Legal Content Writing – Five Resources for Fact Finding

Posted on March 27, 2014 by Tracy S

lawThere are many types of content writing. Sometimes a writer can spin content from personal knowledge, other times a simple web search suffices for research. However, when you are writing about a detail-oriented field, quoting an EHow article or personal blog simply won’t do. Legal content writing is one of those areas where it is important to get the facts straight—and attribute them properly. If you’re getting ready to tackle a complicated legal piece, consider the following sites as a launching pad for your research.

  • ABA Journal – While this is a secondary resource, ABA Journal is well regarded in the legal field. All issues of the magazine from 2004 to present are available on the website. A search engine is in place that allows you to find exactly what you need.
  • Law.com Dictionary – The Law.com Dictionary isn’t quite as extensive as Black’s Law Dictionary, but it does cover many of the definitions that you may find yourself searching for when writing a law-related piece.
  • Public Library of Law – The Public Library of Law database is a fully searchable database of Supreme Court cases, state and federal cases and a many laws and codes. This is one of the biggest collections of law-related information online—much of it fully documented so you can easily attribute the information to its correct primary source.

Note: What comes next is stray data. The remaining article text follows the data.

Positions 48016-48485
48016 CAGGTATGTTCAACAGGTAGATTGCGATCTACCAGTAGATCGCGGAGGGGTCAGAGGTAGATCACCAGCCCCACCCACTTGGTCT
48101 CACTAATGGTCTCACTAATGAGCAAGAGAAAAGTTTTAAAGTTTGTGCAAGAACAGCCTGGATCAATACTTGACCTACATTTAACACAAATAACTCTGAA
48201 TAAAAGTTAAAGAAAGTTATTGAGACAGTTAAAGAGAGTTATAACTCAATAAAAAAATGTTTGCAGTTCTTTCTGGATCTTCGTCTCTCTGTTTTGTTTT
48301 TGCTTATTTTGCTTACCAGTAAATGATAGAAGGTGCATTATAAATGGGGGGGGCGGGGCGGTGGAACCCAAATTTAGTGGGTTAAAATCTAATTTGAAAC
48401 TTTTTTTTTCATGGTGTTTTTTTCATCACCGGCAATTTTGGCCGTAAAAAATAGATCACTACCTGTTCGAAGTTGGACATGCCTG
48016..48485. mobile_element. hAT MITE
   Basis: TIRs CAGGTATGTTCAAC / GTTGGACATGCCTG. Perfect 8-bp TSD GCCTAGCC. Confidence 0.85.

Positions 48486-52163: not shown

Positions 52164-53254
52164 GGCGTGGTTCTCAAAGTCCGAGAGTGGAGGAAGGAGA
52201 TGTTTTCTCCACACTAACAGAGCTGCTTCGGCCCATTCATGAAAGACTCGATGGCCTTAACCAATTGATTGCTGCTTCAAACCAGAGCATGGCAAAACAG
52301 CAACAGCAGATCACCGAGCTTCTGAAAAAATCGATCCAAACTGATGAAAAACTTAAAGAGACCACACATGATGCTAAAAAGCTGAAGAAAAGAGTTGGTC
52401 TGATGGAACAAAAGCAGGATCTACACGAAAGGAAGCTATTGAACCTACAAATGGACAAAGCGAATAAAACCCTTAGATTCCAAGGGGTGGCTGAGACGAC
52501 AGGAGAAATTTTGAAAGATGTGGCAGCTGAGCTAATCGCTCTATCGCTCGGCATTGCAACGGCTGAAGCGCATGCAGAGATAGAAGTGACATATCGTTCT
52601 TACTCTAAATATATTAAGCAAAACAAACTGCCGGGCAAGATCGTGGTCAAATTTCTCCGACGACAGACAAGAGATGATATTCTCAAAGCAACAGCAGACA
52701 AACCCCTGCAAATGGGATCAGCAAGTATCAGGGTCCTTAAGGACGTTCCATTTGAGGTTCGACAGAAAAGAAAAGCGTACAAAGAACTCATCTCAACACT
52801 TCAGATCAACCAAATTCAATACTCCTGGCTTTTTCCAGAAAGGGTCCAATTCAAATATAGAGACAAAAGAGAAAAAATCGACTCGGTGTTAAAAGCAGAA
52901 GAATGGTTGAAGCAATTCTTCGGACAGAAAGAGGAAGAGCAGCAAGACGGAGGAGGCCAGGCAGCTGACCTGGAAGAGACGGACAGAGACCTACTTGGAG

• Legal Information Institute – Sponsored by Cornell Law School, the Legal Information Institute is a user-friendly selection of legal information. This is a great place to catch up on the newest cases as well as peruse documents such as the US Constitution and Amendments.
  • Google Scholar – Google Scholar utilizes the Google search engine to search only scholarly articles and can help you find information you may not otherwise obtain. However, it does search both full articles and abstracts, so it may not take you to a full article every time.

While these websites are a great place to start, a local law library may be the right solution for your most complex research tasks. Call a nearby college and see what they recommend. You may be able to use their services for a fee, even if you aren’t a student. With legal content writing it is vital that go the extra mile with your research—it will pay off when you create that piece of content that wows your client!

Tracy S is a freelance writer and blogger who is writing her first book. When she’s not glued to the keyboard she has her eyes glued to a sci-fi book, her mind glued on her pool game or has glue on her hands while working on a home improvement project.


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